When photoreceptive devices 4 and 5 receive the reference (wavelength λ1) and test (wavelength λ2) lights respectively, they output received signals S1 and S2, which are phase-modulated (PM) in sinusoidal waves accordance to their wavelengths, as represented by the following equations (1):

S1=A1+B1 cos{(2πd/λ1)cos ωt+φ1}

S2=A2+B2 cos{(2πd/λ2)cos ωt+φ2}  (1)

where A1, A2 denote DC components; B1, B2 amplitudes; and φ1, φ2 initial phase magnitudes.

When known phase detectors 21 and 22 demodulate (PM demodulate) thus obtained received signals S1 and S2, they output phase signals Ψ1 and Ψ2, respectively, represented by the following equation (2):

Ψ1=(2πd/λ1)cos ωt+φ1

Ψ2=(2πd/λ2)cos ωt+φ2  (2)

Amplitude extractors 23 and 24 extract amplitudes, p1=2πd/λ1 and p2=2πd/λ2, from these phase signals Ψ1 and Ψ2. An arithmetic unit 26, computing a ratio of amplitudes, p1/p2, and multiplying the ratio by the wavelength λ1 of the reference light, computes the wavelength λ2 of the test light from λ2=(p1/p21.

According to this embodiment, with the use of the sinusoidal-wave phase modulation method that imparts micro-vibrations on the movable mirror 13 in the interference optical system 1, the wavelength of the test light can be measured. The micro-vibrations can be easily imparted on the mirror 13 using a piezoelectric device and the like. Thus, a practical wavelength measurement can be achieved.

Third Embodiment

FIG. 3 shows another embodiment that employs an additional frequency modulation (FM) method in combination with the sinusoidal-wave phase modulation (PM) method of the second embodiment. In the third embodiment, acoustic optical modulators (AOMs) 31 and 32 are interposed at some midpoints in the optical paths, as the modulator for modulating the optical path length difference, in the interference optical system 1. As shown in FIG. 3, the first AOM 31 is located on the forward path between the beam splitter 11 and the mirror 12 and the second AOM 32 on the forward path between the beam splitter 11 and the mirror 13.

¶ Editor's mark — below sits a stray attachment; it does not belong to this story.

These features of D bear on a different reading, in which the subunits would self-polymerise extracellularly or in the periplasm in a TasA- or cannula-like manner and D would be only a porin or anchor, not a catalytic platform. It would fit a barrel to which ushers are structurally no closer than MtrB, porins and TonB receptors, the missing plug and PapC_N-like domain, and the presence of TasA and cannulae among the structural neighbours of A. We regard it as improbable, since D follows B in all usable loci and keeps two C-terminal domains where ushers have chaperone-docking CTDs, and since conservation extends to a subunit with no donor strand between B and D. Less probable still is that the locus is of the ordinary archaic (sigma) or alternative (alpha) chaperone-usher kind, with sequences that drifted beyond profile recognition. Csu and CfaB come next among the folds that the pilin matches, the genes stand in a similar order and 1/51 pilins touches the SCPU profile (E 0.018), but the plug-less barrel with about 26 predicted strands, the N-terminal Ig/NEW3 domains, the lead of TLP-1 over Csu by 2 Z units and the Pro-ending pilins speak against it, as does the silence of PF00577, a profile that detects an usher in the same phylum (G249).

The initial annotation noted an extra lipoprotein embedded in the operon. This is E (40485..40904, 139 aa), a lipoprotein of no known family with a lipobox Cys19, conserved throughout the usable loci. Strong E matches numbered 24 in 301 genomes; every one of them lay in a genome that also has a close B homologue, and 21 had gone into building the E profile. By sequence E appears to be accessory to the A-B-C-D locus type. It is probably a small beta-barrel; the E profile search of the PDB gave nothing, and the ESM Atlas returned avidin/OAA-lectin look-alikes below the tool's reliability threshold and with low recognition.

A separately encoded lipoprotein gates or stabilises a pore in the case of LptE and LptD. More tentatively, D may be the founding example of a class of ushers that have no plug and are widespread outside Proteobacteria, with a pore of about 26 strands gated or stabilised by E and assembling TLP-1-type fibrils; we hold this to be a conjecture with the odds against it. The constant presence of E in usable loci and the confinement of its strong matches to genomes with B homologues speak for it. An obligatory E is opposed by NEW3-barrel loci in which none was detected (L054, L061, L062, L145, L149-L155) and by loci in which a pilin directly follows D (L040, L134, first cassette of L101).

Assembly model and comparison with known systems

When the AOMs 31 and 32 are driven under such the arrangement, unlike the system that employs the mechanical vibrations, an interfered beat signal can be generated in an order of 0.1-10 MHz, regardless to the wavelengths of the reference and control lights. For example, the first AOM 31 is driven with an angular frequency of ωc1 and the second AOM 32 with an angular frequency of ωc2. As a result, an interfered beat signal with ωc=ωc1−ωc2, which corresponds to the difference between the angular frequencies ωc1 and ωc2, is superimposed both on the signals S1 and S2 received at the photoreceptive devices 4 and 5, as represented by the following equations (3):

S1=A1+B1 cos{ωct+(2πd/λ1)cos ωt+φ1}

S2=A2+B2 cos{ωct+(2πd/λ2)cos ωt+φ2}  (3)

The signals S1 and S2 are frequency-modulated with a carrier frequency of ωc, with the exception of the bias component A1 and A2 from the above equation. Phase detectors 33 and 34 FM demodulate these received signals S1 and S2, respectively. Thus, similar to those represented by the equation (2) shown in the preceding embodiment, phase signals Ψ1 and 105 2 are obtained from the respective received signals S1 and S2. Phase extractors 23 and 24 extract amplitudes, p1=2πd/λ1 and p2=2πd/λ2, from these phase signals Ψ1 and Ψ2 in the same manner as in the second embodiment. Through the operation of computing the ratio of amplitudes, p1/p2 and multiplication by the wavelength λ1 at the arithmetic unit 26, the wavelength λ2 of the test light can computed from λ2=(p1/p21.

According to this embodiment, the interfered beat signal caused by the AOM can be designed to have a sufficiently higher angular frequency ωc than the angular frequency ω by the mechanical vibration. As a result, the above phase term can be detected through FM demodulation at a high precision and speed. The use of the phase and frequency modulations in combination can prevent variations of the initial phases φ1, φ2 and light intensity amplitudes B1, B2 from effecting on the system. In other words, it can perform the wavelength measurement can be achieved without affection from fluctuations of temperature and air. Particularly, in the system that employs a semiconductor laser for the test light source 3, the light intensity variation occurs when the oscillation wavelength varies. Though the system can still measure the wavelength at a high precision without affection from such the light intensity variation.

Fourth Embodiment